This problem manifests itself in multiple forms in Facebook.

One obvious case is people creating fake Facebook IDs.  Although it’s clearly in violation of the site’s terms of use, Facebook is not validating anyone’s identities.

Another problem is the proliferation of malware in Facebook applications.  Facebook has written an application developer’s guide to encourage good behavior, but there are too many individuals exploiting this “social trust.”  As the number of people who abuse this trust grows, Facebook will ultimately become less reliable and will have to deal with less sharing as a consequence.

Yet another issue is unclear privacy policies.  As I wrote in my last blog entry, the FTC determined that Google must be held accountable to third-party privacy audits.  Adding a new feature without clear privacy guidelines is a bad thing, and the FTC has shown its willingness to go after such underhanded tactics.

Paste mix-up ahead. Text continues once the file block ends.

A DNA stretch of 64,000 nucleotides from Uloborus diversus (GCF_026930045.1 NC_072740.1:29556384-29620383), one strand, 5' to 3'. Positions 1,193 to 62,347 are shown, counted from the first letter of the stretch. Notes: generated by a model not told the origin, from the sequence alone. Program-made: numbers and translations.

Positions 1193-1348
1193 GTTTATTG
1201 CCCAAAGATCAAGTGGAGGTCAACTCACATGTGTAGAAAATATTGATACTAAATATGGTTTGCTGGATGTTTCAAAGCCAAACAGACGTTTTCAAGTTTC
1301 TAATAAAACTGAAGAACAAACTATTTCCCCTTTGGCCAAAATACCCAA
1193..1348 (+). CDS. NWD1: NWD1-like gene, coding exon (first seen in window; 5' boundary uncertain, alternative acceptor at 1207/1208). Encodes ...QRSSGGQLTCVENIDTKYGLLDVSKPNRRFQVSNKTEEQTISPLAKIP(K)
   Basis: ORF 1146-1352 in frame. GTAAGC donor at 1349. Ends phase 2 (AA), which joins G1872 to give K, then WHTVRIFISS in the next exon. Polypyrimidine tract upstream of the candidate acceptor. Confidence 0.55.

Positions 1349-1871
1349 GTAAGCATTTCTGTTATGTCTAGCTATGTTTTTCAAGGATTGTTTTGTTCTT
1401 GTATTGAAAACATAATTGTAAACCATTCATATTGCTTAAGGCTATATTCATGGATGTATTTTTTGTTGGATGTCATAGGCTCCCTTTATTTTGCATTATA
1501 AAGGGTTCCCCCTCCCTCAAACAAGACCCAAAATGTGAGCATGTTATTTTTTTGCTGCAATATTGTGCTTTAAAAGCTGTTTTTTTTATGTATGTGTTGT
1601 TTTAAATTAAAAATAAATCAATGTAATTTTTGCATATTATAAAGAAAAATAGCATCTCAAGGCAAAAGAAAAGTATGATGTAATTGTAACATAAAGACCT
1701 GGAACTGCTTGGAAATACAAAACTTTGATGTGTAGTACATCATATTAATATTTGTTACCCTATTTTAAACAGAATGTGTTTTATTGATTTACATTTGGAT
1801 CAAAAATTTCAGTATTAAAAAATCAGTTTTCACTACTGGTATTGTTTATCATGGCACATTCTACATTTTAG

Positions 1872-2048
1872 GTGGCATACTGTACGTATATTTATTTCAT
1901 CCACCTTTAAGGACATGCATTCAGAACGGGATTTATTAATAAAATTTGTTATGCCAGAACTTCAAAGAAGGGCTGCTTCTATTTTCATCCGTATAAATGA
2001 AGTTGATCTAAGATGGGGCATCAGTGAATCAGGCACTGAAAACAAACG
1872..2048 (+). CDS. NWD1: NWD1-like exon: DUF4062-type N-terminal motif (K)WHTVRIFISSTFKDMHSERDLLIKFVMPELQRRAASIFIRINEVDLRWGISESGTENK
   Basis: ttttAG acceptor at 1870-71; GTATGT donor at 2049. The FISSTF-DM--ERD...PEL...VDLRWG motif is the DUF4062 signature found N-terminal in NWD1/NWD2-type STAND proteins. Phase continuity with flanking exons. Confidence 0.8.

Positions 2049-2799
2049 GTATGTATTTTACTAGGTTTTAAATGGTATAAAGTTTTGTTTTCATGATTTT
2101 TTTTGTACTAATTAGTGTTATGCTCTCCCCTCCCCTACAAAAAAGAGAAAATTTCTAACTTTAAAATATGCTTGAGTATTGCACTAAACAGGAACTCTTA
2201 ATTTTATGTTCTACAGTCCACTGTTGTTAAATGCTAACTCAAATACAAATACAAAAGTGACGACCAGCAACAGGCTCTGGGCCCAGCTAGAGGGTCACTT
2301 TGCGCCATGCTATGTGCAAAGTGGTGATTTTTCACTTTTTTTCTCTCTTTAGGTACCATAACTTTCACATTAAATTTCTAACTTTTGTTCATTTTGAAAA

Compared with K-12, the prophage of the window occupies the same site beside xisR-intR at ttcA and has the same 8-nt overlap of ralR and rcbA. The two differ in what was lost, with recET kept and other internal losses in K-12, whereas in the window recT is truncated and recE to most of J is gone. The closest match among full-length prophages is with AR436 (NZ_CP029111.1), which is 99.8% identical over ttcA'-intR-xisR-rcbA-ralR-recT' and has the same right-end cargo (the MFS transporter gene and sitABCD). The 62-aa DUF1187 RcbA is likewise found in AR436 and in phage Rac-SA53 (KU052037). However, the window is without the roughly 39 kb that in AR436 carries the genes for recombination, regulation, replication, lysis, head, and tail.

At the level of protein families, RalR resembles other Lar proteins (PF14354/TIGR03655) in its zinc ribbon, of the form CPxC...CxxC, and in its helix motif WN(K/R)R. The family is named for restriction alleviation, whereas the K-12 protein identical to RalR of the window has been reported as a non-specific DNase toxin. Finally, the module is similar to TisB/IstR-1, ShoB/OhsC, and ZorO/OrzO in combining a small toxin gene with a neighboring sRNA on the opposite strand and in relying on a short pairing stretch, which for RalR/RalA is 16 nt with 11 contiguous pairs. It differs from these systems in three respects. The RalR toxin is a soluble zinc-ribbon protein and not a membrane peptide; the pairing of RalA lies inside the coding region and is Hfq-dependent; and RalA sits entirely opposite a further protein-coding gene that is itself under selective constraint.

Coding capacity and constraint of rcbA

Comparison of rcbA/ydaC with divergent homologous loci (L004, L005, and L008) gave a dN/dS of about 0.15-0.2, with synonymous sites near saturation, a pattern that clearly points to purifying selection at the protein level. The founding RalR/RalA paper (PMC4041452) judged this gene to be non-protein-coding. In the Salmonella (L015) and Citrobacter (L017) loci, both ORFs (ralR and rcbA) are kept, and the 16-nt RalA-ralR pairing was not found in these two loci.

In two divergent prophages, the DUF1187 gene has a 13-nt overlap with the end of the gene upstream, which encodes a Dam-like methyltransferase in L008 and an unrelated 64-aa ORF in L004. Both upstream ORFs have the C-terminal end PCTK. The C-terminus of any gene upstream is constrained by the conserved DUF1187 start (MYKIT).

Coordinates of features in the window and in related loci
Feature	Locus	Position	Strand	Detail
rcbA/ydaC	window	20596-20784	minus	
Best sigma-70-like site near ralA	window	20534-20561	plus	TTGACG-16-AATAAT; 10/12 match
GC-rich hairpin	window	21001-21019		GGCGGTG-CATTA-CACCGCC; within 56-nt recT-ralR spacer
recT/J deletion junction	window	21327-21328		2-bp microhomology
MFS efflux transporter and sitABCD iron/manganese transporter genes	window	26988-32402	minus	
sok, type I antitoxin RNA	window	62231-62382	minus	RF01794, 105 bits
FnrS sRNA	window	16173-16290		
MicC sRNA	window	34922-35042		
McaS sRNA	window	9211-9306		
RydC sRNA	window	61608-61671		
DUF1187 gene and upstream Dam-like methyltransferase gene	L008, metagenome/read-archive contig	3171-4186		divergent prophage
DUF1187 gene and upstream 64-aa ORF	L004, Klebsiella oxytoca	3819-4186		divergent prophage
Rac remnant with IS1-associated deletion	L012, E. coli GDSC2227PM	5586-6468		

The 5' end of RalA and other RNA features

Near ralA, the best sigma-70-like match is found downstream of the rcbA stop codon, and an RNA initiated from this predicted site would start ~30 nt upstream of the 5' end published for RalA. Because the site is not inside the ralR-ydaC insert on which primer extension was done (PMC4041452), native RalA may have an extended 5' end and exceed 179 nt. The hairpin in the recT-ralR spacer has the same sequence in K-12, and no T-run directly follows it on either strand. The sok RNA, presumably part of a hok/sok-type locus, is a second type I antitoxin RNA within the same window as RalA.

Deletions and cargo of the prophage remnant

It’s refreshing to see similar sentiments expressed in other bloggers like Graham Cluley at Sophos and Justin Williams at Classy Llama Studios.

The ball is entirely in Facebook’s court now.  Will Facebook burn cleaner coal for the rest of the social media industry?  Or will it continue to pollute social media with unregulated social pollutants?

What do you think?  Please tell us how Facebook can build a more socially responsible environment for all of us.

What Has Privacy Got to Do with Social Networking?

By Jae Kim,   April 8, 2011

As social media users, we have all gotten used to accepting less privacy as a necessary evil for social networking sites. When you sign up for a new social networking service, checking off that Terms of Use Agreement checkbox means that “yes, I trust you to do the right thing when it comes to sharing my information.”  And, social networking sites usually take this to mean whatever makes sense for them.  Especially when they are introducing a new feature, they would like to interpret it to mean, “surely, you must want to use our new service since you haven’t deleted your account.”

Google Is Vowing Not To Repeat Buzz’s Mistakes,
And It Shows How Google Has Designed/Launched ‘+1′;
Note The ‘Publicly’ and ‘Undo’.